Is OmniTouch Microsoft’s Next Kinect Moment?

Microsoft  has a knack for showing off some pretty interesting technology. Some of it is kind of on the WTH! are they thinking” side; but then come things like Kinect, which has taken off in ways that I don’t think even Microsoft foresaw.

Following the Kinect line of innovation instead of the PocketTouch ridiculousness, Microsoft showed off something called OmniTouch; which is a technology that will turn any surface into a touch computing surface. This technology is coming out via Microsoft Research where one of its co-developers Hrvoje Benko said the idea was to “capitalize on the tremendous surface area the real world provides”.

“The surface area of one hand alone exceeds that of typical smart phones. Tables are an order of magnitude larger than a tablet computer. If we could appropriate these ad hoc surfaces in an on-demand way, we could deliver all of the benefits of mobility while expanding the user’s interactive capability.”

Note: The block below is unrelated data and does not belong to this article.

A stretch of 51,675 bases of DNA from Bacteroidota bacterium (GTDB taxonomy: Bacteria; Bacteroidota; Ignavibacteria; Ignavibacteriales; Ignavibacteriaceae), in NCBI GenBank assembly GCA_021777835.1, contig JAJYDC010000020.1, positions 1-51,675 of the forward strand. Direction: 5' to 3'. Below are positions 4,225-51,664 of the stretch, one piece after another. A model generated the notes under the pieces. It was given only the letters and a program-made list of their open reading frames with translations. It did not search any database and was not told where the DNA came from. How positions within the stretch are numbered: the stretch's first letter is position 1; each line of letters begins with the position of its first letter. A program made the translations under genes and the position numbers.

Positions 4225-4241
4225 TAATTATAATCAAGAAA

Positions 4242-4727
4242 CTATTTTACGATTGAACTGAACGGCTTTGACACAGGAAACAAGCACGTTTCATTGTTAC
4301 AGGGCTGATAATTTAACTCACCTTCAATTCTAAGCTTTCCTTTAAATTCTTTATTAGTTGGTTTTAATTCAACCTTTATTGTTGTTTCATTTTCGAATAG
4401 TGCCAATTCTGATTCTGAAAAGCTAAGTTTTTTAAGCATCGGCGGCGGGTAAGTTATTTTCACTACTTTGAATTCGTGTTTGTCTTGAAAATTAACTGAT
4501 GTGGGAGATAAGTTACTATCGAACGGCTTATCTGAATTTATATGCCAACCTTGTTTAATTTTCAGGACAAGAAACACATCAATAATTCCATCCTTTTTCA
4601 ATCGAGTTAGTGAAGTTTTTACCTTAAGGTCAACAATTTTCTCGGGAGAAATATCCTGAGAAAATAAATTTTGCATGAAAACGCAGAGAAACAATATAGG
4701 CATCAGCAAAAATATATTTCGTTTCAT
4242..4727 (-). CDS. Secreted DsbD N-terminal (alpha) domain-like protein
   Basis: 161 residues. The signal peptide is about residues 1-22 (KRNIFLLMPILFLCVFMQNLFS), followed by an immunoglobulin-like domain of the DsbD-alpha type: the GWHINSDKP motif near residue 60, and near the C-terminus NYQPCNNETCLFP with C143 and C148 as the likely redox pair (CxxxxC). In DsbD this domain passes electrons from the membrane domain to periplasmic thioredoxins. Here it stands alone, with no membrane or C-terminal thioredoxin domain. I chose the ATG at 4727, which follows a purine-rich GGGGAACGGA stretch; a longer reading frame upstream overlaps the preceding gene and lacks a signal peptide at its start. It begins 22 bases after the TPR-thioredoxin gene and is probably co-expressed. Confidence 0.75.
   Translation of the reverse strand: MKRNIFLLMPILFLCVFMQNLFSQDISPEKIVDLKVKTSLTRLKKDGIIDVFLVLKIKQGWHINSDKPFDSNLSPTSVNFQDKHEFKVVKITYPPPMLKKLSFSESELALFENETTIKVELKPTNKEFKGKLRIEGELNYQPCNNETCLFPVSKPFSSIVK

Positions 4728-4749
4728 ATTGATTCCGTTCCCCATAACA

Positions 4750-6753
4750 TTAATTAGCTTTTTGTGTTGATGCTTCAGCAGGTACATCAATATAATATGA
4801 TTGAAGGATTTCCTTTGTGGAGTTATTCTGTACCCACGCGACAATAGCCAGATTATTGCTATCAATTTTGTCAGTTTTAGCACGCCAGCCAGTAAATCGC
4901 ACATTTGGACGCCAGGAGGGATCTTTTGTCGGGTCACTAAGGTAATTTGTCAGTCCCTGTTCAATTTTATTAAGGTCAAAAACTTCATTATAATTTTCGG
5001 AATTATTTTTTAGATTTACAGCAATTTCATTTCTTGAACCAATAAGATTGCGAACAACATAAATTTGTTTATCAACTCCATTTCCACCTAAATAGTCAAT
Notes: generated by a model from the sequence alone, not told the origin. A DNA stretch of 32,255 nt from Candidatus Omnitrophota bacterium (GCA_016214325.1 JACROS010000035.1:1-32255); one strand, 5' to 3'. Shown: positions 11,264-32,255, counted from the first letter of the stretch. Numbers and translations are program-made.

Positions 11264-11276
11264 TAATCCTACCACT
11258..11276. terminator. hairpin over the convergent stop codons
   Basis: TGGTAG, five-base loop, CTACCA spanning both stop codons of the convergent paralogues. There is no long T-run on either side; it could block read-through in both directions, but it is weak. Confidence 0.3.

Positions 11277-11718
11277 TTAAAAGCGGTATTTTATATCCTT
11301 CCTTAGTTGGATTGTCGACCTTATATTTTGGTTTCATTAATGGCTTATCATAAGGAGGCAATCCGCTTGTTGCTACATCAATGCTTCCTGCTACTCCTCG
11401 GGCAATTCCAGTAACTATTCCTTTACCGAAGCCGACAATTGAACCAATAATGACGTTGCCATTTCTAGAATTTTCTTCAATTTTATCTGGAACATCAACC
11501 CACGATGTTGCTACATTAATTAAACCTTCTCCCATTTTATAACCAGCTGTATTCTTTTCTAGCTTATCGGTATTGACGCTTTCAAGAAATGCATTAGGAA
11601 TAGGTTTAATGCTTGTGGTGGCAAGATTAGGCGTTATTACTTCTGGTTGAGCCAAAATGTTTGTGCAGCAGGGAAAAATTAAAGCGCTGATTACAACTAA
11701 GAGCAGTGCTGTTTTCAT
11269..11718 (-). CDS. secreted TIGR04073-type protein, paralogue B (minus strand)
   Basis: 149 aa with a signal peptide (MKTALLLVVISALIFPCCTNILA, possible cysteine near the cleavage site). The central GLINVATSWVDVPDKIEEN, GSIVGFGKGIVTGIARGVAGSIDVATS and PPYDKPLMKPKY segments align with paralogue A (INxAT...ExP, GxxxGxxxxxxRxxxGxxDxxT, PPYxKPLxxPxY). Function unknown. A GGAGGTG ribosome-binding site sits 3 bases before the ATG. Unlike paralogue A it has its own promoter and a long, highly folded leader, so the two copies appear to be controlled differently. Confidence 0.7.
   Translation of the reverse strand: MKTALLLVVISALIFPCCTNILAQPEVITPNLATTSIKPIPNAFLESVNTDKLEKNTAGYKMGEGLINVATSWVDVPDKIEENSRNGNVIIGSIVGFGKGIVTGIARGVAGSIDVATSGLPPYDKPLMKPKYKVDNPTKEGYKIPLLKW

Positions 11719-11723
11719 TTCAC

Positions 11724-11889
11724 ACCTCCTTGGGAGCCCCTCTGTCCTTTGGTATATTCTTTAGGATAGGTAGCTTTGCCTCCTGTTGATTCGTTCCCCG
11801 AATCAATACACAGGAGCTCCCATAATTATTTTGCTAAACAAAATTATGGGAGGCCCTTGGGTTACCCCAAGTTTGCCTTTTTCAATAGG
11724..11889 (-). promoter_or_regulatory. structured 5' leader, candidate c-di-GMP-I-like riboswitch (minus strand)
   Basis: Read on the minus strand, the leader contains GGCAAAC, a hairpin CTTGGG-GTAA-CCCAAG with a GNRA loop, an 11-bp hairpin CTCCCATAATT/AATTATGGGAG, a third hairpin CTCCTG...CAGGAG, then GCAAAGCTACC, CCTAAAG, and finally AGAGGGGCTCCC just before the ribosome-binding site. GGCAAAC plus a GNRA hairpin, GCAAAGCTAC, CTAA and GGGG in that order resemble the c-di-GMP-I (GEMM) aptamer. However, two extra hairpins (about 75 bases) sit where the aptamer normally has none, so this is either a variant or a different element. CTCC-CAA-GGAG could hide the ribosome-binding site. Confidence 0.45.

The prototype is a wearable combination of a laser-based pico projector and a depth sensing camera, which is an advanced custom prototype provide by PrimeSense; a name you should recognize from Kinect.

“This custom camera works on a similar principle to Kinect,” Benko says, “but it is modified to work at short range. This camera and projector combination simplified our work because the camera reports depth in world coordinates, which are used when modeling a particular graphical world; the laser-based projector delivers an image that is always in focus, so didn’t need to calibrate for focus.”

 

[Cross-posted at Winextra]

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Steven Hodson

Steven Hodson is the Media Editor for SiliconANGLE, and is a long time computer and Internet watcher having seen both develop for the cutting edge days of the XT right through to the mobile revolution. He has also spent many years writing about our world's fascination with technology and social media often with a critical eye, both on his own for sites like Mashable and The Inquistr. He currently spends his time recovering from tech and social media overload by hanging out with, and writing about, geeks and the things they love.

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